Russian, Italian could be cut
Posted: Wednesday, May 12, 2010 11:07 am
By: The Associated Press
The Messenger 05.12.10
KNOXVILLE (AP) — The University of Tennessee may discontinue Russian and Italian as majors in its Department of Modern Foreign Languages and Literatures as federal stimulus money expires, and one instructor said eliminating the Russian major “makes no sense.”
An associate professor of Russian, Stephen Blackwell, said there is “tremendous growth, three national awards for students this year and waiting lists” for the classes. He said the recommendation to eliminate Russian as a major seems at odds with the university’s official ‘Ready for the World’ internationalization plan.
UT officials are examining options as the Knoxville campus prepares for a $54 million — or 30 percent — budget cut when federal stimulus funding ends in June 2011.
UT Knoxville Provost Susan Martin said she expects the university to go through the process and “come to some conclusion” in the fall.
Classes and minors in both programs will continue.
Bruce Bursten, dean of the College of Arts and Sciences that includes the two majors, said that during a five-year period, both have averaged fewer than three graduates per year. The majors are also on the Tennessee Higher Education Commission’s list of low-producing programs, which means there were fewer than an average of 10 bachelor’s degrees generated per year over the last five years.
“We don’t want to not be able to offer everything,” he said. “Language instruction is very important, and that’s something we definitely are going to preserve.”
Blackwell said there are 36 registered Russian majors at UT, and seven of the department’s students will be going to Russia this summer or next fall. That’s double the recent average number of students going to Russia per year. He said there are three graduates in the Russian major this year, and he expects seven next year and eight in 2012.
Blackwell said he is also concerned about lecturer terminations in the department, which would “pretty much cut (the program review) process off at the knees.”
In April, 316 UT Knoxville employees, including 162 lecturers, were notified that they are being paid with stimulus funds that expire in 2011.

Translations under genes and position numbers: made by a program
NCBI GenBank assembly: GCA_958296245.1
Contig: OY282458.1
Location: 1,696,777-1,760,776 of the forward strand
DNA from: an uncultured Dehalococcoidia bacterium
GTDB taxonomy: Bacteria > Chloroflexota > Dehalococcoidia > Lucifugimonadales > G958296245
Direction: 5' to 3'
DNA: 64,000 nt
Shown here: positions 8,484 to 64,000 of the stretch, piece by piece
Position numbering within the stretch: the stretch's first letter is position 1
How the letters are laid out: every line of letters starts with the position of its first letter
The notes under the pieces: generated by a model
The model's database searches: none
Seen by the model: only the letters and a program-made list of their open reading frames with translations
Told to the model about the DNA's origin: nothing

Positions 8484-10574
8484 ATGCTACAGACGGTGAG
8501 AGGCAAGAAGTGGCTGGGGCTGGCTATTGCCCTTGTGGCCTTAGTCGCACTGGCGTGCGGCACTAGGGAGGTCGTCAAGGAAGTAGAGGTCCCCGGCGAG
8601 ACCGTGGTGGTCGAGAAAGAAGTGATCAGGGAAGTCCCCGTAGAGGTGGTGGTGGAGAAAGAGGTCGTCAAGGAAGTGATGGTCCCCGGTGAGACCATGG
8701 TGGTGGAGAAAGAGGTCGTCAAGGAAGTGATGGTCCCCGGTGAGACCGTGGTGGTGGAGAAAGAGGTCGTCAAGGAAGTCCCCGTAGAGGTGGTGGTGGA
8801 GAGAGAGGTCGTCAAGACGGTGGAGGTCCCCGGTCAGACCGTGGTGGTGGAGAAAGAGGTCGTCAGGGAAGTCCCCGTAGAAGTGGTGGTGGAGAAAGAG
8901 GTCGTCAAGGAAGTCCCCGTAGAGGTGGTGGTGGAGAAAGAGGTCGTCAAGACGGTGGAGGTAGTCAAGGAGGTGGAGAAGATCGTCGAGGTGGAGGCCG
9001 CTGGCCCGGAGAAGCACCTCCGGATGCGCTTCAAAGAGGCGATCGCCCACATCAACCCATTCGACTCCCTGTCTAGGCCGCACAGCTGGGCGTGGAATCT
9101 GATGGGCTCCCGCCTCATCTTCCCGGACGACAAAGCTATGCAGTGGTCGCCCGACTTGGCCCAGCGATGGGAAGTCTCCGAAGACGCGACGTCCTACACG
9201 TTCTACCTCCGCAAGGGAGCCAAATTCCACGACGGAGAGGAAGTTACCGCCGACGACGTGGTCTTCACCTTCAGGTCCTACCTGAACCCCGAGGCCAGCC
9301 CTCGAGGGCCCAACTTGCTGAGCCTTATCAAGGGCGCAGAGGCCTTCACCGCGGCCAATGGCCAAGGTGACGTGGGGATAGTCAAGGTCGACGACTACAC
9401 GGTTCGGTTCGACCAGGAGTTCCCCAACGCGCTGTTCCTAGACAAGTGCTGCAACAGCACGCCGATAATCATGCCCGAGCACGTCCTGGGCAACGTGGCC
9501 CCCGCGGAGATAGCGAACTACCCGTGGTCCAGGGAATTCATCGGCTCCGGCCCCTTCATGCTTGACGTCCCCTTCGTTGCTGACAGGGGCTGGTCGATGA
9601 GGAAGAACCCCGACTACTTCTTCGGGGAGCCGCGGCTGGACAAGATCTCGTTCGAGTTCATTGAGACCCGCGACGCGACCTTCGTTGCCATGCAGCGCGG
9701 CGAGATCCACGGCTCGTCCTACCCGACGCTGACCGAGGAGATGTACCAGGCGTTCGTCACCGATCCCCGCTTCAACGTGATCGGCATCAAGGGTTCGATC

Erec Koch, head of the Department of Modern Foreign Languages and Literatures, said UT Knoxville is the only public university in the state that offers majors in Italian and Russian.
Students would still have the opportunity to pursue majors in Italian and Russian through the Language and World Business major, which combines a foreign language major with a minor in International Business Administration or a sub-concentration in either International Retail Merchandising or International Agricultural Economics.
Additionally, UT participates in the Academic Common Market program, which allows UT students to pay discounted tuition at another institution that offers a major that UT doesn’t offer.
Alex Tullock, a graduating senior and Russian major, said he is “really discouraged” to hear that the major is in jeopardy. He said many students who are on a language teaching track do not want to major in Language and World Business, and that the Academic Common Market means students will have to leave UT to pursue coursework.
“The program here has literally changed my life,” said Tullock, who is the recipient of a Fulbright grant, which will allow him to go to Russia for nine months for an English teaching assistantship.
Information from: The Knoxville News Sentinel, http://www.knoxnews.com
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